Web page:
BRIEF DESCRIPTION OF THE DRAWINGS
It is understood that other embodiments of the present invention will become readily apparent to those skilled in the art from the following detailed description, wherein various embodiments of the invention are shown and described by way of illustration. As will be realized, the invention is capable of other and different embodiments and its several details are capable of modification in various other respects, all without departing from the spirit and scope of the present invention. Accordingly, the drawings and detailed description are to be regarded as illustrative in nature and not as restrictive.
Aspects of the present invention are illustrated by way of example, and not by way of limitation, in the accompanying drawings wherein:
FIG. 1 is a functional block diagram of an exemplary hardware configuration comprising a dual ring oscillator configuration embedded in a chip;
FIG. 2 is a flow chart illustrating an exemplary method for obtaining a frequency measurement from a ring oscillator embedded in a chip;
FIG. 3 illustrates an exemplary data set representing a range of characterization data of chips from a wafer, plotted as the product of ring oscillator frequencies versus temperature;
FIG. 4 is a flow chart illustrating an exemplary method for determining the operating temperature of a chip as a function of ring oscillator frequency;
FIG. 5 illustrates an exemplary data set representing the range of characterization data of chips from a wafer, plotted as the quotient of ring oscillator frequencies versus temperature;
FIG. 6 illustrates an exemplary data set representing the range of characterization data of chips from a wafer, plotted as the normalized quotient of ring oscillator frequencies versus temperature;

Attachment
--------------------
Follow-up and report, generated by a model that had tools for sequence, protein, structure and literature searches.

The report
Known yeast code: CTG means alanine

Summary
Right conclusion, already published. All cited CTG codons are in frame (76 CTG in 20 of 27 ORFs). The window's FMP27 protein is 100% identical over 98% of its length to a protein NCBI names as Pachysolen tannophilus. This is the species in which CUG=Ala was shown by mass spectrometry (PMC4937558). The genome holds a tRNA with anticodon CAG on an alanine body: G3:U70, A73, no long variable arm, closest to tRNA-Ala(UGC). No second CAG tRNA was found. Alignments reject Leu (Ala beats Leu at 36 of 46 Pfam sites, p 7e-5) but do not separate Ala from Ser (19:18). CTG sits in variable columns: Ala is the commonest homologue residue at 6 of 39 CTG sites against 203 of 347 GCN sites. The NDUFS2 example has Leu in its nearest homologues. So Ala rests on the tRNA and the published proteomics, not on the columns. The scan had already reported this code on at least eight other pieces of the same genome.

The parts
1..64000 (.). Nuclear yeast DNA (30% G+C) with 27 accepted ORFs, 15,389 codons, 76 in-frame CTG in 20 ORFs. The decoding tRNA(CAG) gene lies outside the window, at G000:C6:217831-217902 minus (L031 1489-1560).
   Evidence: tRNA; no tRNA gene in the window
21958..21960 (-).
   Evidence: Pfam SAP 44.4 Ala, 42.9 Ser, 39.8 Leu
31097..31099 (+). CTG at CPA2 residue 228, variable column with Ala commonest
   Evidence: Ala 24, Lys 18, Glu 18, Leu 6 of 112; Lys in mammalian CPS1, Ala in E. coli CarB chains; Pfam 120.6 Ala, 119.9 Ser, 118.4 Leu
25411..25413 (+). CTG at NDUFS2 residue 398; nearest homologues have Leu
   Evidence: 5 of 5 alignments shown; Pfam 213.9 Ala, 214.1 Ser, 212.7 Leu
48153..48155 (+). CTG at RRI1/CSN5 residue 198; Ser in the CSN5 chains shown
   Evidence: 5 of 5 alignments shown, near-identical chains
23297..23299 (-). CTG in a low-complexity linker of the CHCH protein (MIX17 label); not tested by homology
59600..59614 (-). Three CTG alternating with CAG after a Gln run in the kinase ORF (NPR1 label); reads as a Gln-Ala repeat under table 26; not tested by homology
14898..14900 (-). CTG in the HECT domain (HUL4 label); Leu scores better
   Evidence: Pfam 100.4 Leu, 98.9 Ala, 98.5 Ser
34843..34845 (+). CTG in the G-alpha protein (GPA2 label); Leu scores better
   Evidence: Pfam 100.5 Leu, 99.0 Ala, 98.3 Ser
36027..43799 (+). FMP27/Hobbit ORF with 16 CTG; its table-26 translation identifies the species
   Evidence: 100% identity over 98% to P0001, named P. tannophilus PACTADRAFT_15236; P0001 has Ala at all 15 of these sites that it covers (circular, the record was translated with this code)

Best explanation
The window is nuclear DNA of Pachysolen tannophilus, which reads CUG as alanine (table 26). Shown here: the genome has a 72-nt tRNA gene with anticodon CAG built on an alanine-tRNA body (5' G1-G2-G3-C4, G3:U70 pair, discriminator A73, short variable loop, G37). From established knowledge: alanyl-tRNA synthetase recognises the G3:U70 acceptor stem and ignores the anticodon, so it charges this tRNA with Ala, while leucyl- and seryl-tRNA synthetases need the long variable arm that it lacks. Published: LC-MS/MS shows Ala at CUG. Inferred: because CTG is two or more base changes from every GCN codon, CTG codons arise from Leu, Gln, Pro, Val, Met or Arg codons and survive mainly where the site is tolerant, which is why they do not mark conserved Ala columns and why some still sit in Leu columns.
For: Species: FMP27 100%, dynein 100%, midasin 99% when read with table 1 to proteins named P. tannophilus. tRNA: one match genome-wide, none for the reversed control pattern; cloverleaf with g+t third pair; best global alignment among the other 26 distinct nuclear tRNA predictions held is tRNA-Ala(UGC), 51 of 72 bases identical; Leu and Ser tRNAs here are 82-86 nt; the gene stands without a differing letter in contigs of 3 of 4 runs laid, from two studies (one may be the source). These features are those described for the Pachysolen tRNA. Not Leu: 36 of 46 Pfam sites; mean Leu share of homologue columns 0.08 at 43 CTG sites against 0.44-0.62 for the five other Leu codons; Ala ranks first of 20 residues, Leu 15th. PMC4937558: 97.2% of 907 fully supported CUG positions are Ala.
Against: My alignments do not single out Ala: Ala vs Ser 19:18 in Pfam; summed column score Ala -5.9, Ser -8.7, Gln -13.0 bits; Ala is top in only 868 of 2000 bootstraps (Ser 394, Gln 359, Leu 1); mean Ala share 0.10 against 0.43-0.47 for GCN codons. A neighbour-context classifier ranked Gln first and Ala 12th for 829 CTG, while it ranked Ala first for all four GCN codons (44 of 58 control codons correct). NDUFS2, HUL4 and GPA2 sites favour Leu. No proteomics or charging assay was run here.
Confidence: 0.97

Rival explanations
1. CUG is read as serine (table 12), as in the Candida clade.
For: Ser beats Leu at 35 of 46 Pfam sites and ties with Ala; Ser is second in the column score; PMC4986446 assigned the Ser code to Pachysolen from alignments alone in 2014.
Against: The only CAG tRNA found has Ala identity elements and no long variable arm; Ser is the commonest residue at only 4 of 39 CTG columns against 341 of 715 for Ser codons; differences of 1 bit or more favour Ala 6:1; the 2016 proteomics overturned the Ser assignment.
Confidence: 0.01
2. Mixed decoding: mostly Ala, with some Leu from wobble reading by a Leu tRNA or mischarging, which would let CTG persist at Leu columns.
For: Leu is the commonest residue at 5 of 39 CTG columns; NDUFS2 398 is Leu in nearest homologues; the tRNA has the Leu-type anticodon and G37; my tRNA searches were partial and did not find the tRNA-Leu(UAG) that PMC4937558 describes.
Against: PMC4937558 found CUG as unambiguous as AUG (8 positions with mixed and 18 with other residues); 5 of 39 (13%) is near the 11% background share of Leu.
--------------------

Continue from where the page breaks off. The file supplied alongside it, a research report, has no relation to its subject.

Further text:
FIG. 7 is a flow chart illustrating an exemplary method for determining the process speed of a chip as a function of ring oscillator frequency and temperature;
FIG. 8 illustrates the exemplary data set of FIG. 3, to which the identified chip speed is applied to adjust the previously calculated temperature;
FIG. 9 is a flow chart illustrating an exemplary method for adjusting the previously calculated temperature;
FIG. 10 is a flow chart illustrating an exemplary end to end process for calculating and identifying both temperature and process speed of a chip based on two measured ring oscillator frequencies;
FIG. 11 is a graph illustrating an exemplary distribution of chips produced across multiple splits; and
FIG. 12 is a flow chart illustrating another alternative exemplary method for determining a chip's operating temperature and speed.
The detailed description set forth below in connection with the appended drawings is intended as a description of exemplary embodiments of the present invention and is not intended to represent the only embodiments in which the present invention can be practiced. The term “exemplary” used throughout this description means “serving as an example, instance, or illustration,” and should not necessarily be construed as preferred or advantageous over other embodiments. The detailed description includes specific details for the purpose of providing a thorough understanding of the present invention. However, it will be apparent to those skilled in the art that the present invention may be practiced without these specific details. In some instances, well-known structures and devices are shown in block diagram form in order to avoid obscuring the concepts of the present invention.